By Ryan Triplette, Executive Director, Coalition for Fair Software Licensing
This month, Microsoft changed the licensing terms for some of its most widely deployed software offerings. Microsoft first committed to change its terms in May of this year, seeking to address complaints lodged in both public and official forums by a growing chorus of companies and organizations in the European Union. Despite Microsoft’s repeated promises to “give customers more flexibility and choice,” these changes fail to address one of the biggest problems facing customers for the last three years: the use of software licensing terms to dictate which cloud providers customers can use, limiting choice and increasing costs.
From its inception, the cloud has allowed customers to freely bring the on-premise software they already own to whatever cloud providers they choose to best meet their business needs. This allowance, called, “bring your own license,” drastically reduced friction across customers’ cloud migration strategies.
In 2019, this freedom and flexibility ended. Rather than compete on the merits, Microsoft instituted a series of changes that made it more difficult— and expensive—for customers to bring their previously purchased Microsoft software to cloud providers other than Azure, specifically creating a new subset of Listed Providers which included Microsoft’s direct competitors in the cloud. As a result, customers had to navigate a web of deliberately complex and unfair licensing terms to determine the damage to their bottom line and digital transformation plans. Enterprises that purchased licenses for software such as Microsoft Windows Server, Windows Desktop, and Office were either prohibited from running the software on other cloud providers, or forced to purchase additional costly licenses. The message to customers was clear: Use Azure or pay more for your existing software.
In the years since, a growing number of companies and organizations—which the Coalition for Fair Software Licensing recently joined—have begun to work together to address the impact of restrictive and aggressive licensing practices. While Microsoft’s 2019 roll-back of cloud flexibility may have sparked the call to action, the effort and the solution presented is much broader; namely, for customers, partners, and providers alike to adopt the Principles of Fair Software Licensing to protect customer flexibility and choice in the cloud.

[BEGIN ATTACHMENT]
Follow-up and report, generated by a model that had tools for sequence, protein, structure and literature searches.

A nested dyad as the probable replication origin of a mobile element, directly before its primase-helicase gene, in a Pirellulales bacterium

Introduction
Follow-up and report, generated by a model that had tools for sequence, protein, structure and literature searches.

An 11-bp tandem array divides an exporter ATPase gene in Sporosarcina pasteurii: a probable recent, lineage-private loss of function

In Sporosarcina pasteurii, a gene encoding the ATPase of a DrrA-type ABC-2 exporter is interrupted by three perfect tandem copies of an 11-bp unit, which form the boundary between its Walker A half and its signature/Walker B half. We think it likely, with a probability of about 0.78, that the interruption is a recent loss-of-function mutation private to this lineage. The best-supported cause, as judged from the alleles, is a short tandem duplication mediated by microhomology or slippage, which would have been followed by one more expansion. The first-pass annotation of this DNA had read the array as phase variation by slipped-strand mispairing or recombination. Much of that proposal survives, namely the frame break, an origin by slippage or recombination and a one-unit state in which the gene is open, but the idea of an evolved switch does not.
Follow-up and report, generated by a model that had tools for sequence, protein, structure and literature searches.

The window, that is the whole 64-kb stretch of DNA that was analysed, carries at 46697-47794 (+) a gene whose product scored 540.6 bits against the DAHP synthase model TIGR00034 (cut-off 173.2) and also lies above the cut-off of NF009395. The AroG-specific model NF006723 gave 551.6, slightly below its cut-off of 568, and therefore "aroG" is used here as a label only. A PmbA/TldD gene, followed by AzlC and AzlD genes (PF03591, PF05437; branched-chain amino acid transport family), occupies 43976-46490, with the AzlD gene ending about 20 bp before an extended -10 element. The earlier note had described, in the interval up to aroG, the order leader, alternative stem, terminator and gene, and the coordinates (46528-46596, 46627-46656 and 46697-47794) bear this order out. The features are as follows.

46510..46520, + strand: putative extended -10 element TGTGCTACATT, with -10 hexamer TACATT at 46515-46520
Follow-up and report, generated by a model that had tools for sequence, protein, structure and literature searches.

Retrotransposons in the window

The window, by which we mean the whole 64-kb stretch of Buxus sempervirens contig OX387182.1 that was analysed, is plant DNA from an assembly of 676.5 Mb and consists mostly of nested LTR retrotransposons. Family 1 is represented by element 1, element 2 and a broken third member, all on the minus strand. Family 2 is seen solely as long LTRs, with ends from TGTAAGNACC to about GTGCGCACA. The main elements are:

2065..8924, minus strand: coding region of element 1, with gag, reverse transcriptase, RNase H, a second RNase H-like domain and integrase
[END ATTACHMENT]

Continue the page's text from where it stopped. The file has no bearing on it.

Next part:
When Microsoft President and Vice Chair Brad Smith acknowledged problems with the company’s software licensing practices, he stated that the company’s goal was to “turn a long list of issues into a shorter list of issues.” But instead of addressing calls to adopt the Principles of Fair Software Licensing, Microsoft’s proposed changes add new layers of complexity, implementing even more programs and limitations that customers and providers alike are still struggling to comprehend. Simply put, Microsoft is creating two classes of cloud customers – one which are allowed “bring your own license” and another restricted from using the cloud provider of their choice. Despite promising to “give customers more flexibility and choice,” the new changes leave the majority of Microsoft’s software customers who have chosen not to use Azure in the same position they were in before.
The cloud offers unbelievable potential to transform nearly every industry. Software providers should be identifying opportunities to reduce barriers to digital transformation, enhance interoperability, and support budget efficiency for their customers. In the weeks since the changes took effect, though, we have not heard any organization state that the changes will provide them with either the flexibility, choice, or cost efficiency they need to realize the full potential of the cloud—and certainly not what they enjoyed in the pre-October 2019 world. For these reasons, we believe that organizations should remain wary of what the latest round of licensing changes mean to them and call for Microsoft to adhere to the Principles of Fair Software Licensing in their licensing negotiations.
If you have any questions about what these changes mean to your organization or would like to learn more about the Principles of Fair Software Licensing, please contact our team at [email protected].